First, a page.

by Klaus Kinski


One of the semi-necessary evils of comedy is the dreaded visit to a formal comedy club. Let's face it people; this city is overflowing with awesome comedy shows happening at all sorts of small, fun, intimate venues. Yet once in a while a comic rolls into town for three nights of gigs at a comedy club, and you have no choice but to bite the bullet and venture in. I mean, he/she might end up at one of your smaller shows to workshop material. But he/she might not either. Ugh. The hefty cover charge. The cattle herding method of corralling people into the room. The army of drink servers in your peripheral vision for the entire show. The likelihood of a bachelor/ette party treating the show like their personal (Doug) Benson Interruption (catch HIM at Gramercy on 5/21/11). The two-drink minimum. And Cod forbid someone at a neighboring table orders something from the menu that smells like the feet of someone who ran 50 miles in 100 degree weather in boots full of brie cheese. Yes... I know... these shows represent a significant amount of bread and butter for our favorite laughsmen and women. No doy. But, man, am I the only person whose hypersensitive neuroses go buck wild at a comedy club show?

And yet, Comix comedy club always seemed to do everything they could to take the sting out of all these common perils. Over the course of several years, Comix consciously evolved their business model to draw everyone from indie comedy snobs to mouth-breathing over-cologned douche bags and created an environment where we could coexist happily together. They had a superior crew of behind the scenes staff that kept the programming super diverse (FYI, Kambri Crews is one of the nicest people you will ever meet in the biz). They turned the basement area into Ochi's Lounge; a super cheap way to see up-and-coming locals perform alongside comedy veterans like Jim Gaffigan. They opened up their main upstairs bar early to anyone who wanted happy hour drinks with zero commitment to seeing the show happening in the main room or downstairs. They were the proud and clearly enthusiastic hosts of the ECNY Awards show (of which BV was nominated once), complete with red carpet and all the other accoutrements one might expect at your larger awards shows. Their support of NYC's lesser known comedians was nothing less than inspiring. They also hosted all kinds of benefits for all kinds of causes. Their cover was always about half of what you'd expect at a place like Carolines, and their menu was eclectic and very reasonably priced. I've seen so much great stuff there including Flight of the Conchords, Zach Galifianakis, Marc Maron, Brian Posehn, Paul F. Tompkins, The Marijuana-Logues, John Oliver, Kurt Braunohler and Kristen Schaal's Hot Tub Variety Show, Maria Bamford, Andy Kindler, David Cross and a phonebooks' worth of other talent. And, yes, you can see someone like Todd Barry on any given night in NYC (like tonight at Whiplash), but to see him do an hour-plus headlining set in your own backyard is priceless.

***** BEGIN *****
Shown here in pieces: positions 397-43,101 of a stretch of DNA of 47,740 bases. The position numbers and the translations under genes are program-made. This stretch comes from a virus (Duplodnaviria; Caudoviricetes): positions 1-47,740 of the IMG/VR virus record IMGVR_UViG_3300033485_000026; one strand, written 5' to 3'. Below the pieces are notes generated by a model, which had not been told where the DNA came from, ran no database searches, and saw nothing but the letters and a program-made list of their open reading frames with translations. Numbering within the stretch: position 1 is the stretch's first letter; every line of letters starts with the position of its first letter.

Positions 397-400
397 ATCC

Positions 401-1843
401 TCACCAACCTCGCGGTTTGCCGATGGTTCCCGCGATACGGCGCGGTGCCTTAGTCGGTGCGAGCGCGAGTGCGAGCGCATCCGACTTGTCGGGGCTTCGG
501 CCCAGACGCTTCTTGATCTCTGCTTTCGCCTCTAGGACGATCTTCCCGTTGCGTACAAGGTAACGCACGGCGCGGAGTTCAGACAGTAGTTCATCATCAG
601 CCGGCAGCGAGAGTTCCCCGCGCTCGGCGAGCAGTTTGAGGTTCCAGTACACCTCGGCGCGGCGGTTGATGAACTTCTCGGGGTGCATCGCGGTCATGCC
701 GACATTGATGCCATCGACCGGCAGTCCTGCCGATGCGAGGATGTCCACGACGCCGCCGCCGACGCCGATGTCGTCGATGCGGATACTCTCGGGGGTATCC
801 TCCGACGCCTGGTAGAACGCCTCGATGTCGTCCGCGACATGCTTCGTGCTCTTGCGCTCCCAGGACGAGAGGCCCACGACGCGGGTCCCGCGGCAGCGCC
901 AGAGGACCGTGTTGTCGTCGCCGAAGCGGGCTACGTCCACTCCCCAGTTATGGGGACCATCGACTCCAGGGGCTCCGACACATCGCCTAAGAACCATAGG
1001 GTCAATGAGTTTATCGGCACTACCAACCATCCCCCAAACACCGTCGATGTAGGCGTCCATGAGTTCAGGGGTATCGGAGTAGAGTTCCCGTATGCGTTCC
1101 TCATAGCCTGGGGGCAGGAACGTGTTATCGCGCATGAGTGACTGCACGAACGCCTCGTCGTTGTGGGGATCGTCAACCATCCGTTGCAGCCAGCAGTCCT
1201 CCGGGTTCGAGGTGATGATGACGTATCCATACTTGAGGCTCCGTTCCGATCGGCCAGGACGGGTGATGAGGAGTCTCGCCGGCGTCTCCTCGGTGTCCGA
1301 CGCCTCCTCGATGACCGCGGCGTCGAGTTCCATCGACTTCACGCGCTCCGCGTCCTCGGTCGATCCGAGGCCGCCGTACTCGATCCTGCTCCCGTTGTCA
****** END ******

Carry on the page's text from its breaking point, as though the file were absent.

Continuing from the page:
But this is New York, where institutional lifespans are grotesquely short. Comix began to lose steam and eventually found itself sold to a couple of jerks who decided it'd be in the venue's best interest to become NYC's next Copa Cabana. Their idea was to devise a half-assed, dated and schizophrenic programming model that would cover everything from burlesque to smooth Jazz.

The new owners tried to promise all sorts of things when they spoke to me last month, but things quickly went south. How quickly? Within days, veteran stand-up comedian Bobby Slayton was telling anyone who'd read his Twitter feed that he and others had been stiffed on their paychecks by the club. Apparently, there was a million-dollar investor who the owners were relying on, but who stiffed them instead. Then comics weren't the only workers getting stiffed by the club. More employees were let go. The club stopped restocking paper. And on Saturday, performers were notified when they showed up that this was it. There will be no more. It was a beautiful space and everyone from comedians to employees loved it, but whether it was location location location, or something else, Comix never quite worked as perfectly as it should have. - The Comic's Comic

I'm not saying that the closure of Comix is like the closure of CBGBs or anything. But for a long time they were doing everything right. For it to end up on the auction block for some other group of twerps with too much money and no vision kind of depresses me.

All upcoming shows are cancelled. RIP Comix.

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